Does hitting redline help or hurt your car?


There’s an old tale that Ferrari mechanics would often run their clients’ cars up to redline for extended periods after servicing to break loose the carbon deposits within the engine—a process that became known as the “Italian tuneup.” But just how effective is this technique at removing carbon buildup? Engineering Explained’s Jason Fenske explores three key areas to determine if there would be any benefit to periodically redlining your engine.

This is a companion discussion topic for the original entry at https://www.hagerty.com/articles-videos/articles/2018/10/15/does-hitting-redline-help-or-hurt-your-car


Beware of high RPM on older worn engines! Timing gears, chains and belts can slip or fail which is catastrophic for interference engines. Worn bearings can spin, lifters can float and stick and loosing carbon can rattle around and sound like a rock is in the intake.


My dad had a 1977 Fiat 131. Was actually a great little car. He’d frequently take it to redline in second gear after it was warmed up. At 150,000 miles the Fiat dealership asked what the heck he was doing for the car as it still had perfect compression. Never had a problem with the car. Pretty amazing for a 70’s car of any make.


This topic comes up frequently with the rotary engine crowd. A high rev’ing engine burning a small amount of oil and with a combustion chamber that has a lot of surface area. Opinions vary. While it can be a good rationale for having alot of fun, it’s still added stress with little effect. And IMO carbon control should be a gradual process. A water-injection systems, especially on a forced-induction car is usually more effective and comes with cooling and knock suppression too.


Jim - It’s interesting you bring up a rotary engine. Back on the late '90s, I had a 1983 RX 7 and used it as a daily driver. My commute was all of 7 miles each way. It began to run rough, so at about 1am on a weekday I got onto I-95. No traffic, I downshifted , punched the gas and ran her to the redline. I slowed down and repeated several times. As I looked in my rear view mirror, I saw a cloud of carbon coming out of the tailpipe when I hit the gas hard. So, I repeated my Italian Tuneup until I saw no more carbon coming from the rear. From that point forward, the car ran beautifully. So, it definitely worked for the RX 7. Was great fun too. Dang - now I miss her!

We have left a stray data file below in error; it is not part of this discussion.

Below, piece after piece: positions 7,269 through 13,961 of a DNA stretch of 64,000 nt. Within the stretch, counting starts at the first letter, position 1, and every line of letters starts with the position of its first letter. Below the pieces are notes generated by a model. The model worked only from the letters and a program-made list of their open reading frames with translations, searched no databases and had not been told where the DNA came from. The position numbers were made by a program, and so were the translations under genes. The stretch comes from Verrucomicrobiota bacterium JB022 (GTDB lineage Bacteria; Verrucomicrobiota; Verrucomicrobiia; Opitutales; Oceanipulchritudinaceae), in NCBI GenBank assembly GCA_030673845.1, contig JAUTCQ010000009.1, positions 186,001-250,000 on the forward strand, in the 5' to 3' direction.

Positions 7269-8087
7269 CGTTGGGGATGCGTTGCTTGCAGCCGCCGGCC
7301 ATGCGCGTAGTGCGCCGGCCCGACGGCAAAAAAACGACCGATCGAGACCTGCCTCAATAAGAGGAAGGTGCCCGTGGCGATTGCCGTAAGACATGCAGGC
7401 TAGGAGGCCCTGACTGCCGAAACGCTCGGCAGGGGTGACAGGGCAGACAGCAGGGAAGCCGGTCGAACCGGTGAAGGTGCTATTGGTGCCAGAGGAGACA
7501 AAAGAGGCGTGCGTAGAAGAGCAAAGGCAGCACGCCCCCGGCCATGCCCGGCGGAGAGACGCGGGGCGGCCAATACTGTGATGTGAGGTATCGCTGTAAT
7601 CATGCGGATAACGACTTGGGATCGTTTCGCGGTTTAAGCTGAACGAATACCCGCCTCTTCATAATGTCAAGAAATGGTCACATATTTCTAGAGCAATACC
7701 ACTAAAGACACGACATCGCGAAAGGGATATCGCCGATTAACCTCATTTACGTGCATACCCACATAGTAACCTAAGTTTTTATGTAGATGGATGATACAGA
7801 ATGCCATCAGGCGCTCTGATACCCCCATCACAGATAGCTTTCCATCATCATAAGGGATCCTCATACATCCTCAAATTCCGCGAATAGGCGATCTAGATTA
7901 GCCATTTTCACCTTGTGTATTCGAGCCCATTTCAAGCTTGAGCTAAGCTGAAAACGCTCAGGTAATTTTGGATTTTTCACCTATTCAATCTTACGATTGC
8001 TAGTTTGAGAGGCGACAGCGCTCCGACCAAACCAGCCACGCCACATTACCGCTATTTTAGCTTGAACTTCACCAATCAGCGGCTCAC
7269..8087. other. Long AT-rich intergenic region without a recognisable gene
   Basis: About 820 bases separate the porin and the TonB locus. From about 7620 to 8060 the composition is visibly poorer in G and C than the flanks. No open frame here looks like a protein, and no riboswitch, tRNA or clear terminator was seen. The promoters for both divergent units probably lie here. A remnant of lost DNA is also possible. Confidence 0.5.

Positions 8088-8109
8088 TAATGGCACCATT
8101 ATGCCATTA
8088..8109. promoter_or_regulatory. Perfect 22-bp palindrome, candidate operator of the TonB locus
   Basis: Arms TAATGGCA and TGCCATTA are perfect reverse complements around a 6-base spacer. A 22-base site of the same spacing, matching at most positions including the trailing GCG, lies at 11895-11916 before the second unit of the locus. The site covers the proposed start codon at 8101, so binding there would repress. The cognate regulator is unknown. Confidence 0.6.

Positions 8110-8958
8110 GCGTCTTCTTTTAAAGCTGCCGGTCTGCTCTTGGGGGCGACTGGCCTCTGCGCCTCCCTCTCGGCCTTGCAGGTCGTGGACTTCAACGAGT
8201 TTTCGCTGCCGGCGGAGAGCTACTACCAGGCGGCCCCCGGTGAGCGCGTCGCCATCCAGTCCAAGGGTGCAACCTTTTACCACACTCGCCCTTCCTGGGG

I entirely agree with Mr. McFrederic’s cautionary note. There is absolutely nothing to be gained by red lining a modern car engine, and a whole lot of potential downsides for all of the accessory drive elements such as water pumps, alternators, air conditioners, as well as the internal engine parts that, over time, can simply not tolerate even momentary full throttle operation. Standard American Engineers has technical data on just how long one can expect a gasoline engine to operate BEFORE it needs to rebuilt. I would refer these engineering experts words of wisdom to any one who is reading this article and whose idea of extending the life an expensive car requires red lining.


I am not a mechanic but I can maintain my fleet of old vehicles and a tractor. It seems to me that myths are formed for various reasons, some valid, others are passe, but I have a difficult time believing that stressing moving parts will be good for them. The easiest way to keep a car healthy with proper tuning and fresh oil, new plugs, wires,. seems to get lost with a lot of daily drivers.

But back to myths, I cringe when I hear a person rev their engine right before shutting down. I guess they’re thinking that they’re blowing out the bad particles but it seems to me is they’re burning off cylinder lubrication that the engine could make good use of with the next start… ?

Another cringe-worthy moment is when drivers rev their engine immediately after starting. I don’t know but it seems like waiting for the oil pressure to rise by idle first (plus being a cold engine) would be the healthiest thing for any engine…


Today’s engines run so good and so clean that I can’t see ever having to blow out the engine. However, that was not the case back in the sixties. I bought a new 1969 Chevy Nova SS with the 300HP engine and a four speed. After driving it around town for a couple weeks, it would take a couple miles of wide open running to get it to clear up and run like it was supposed to.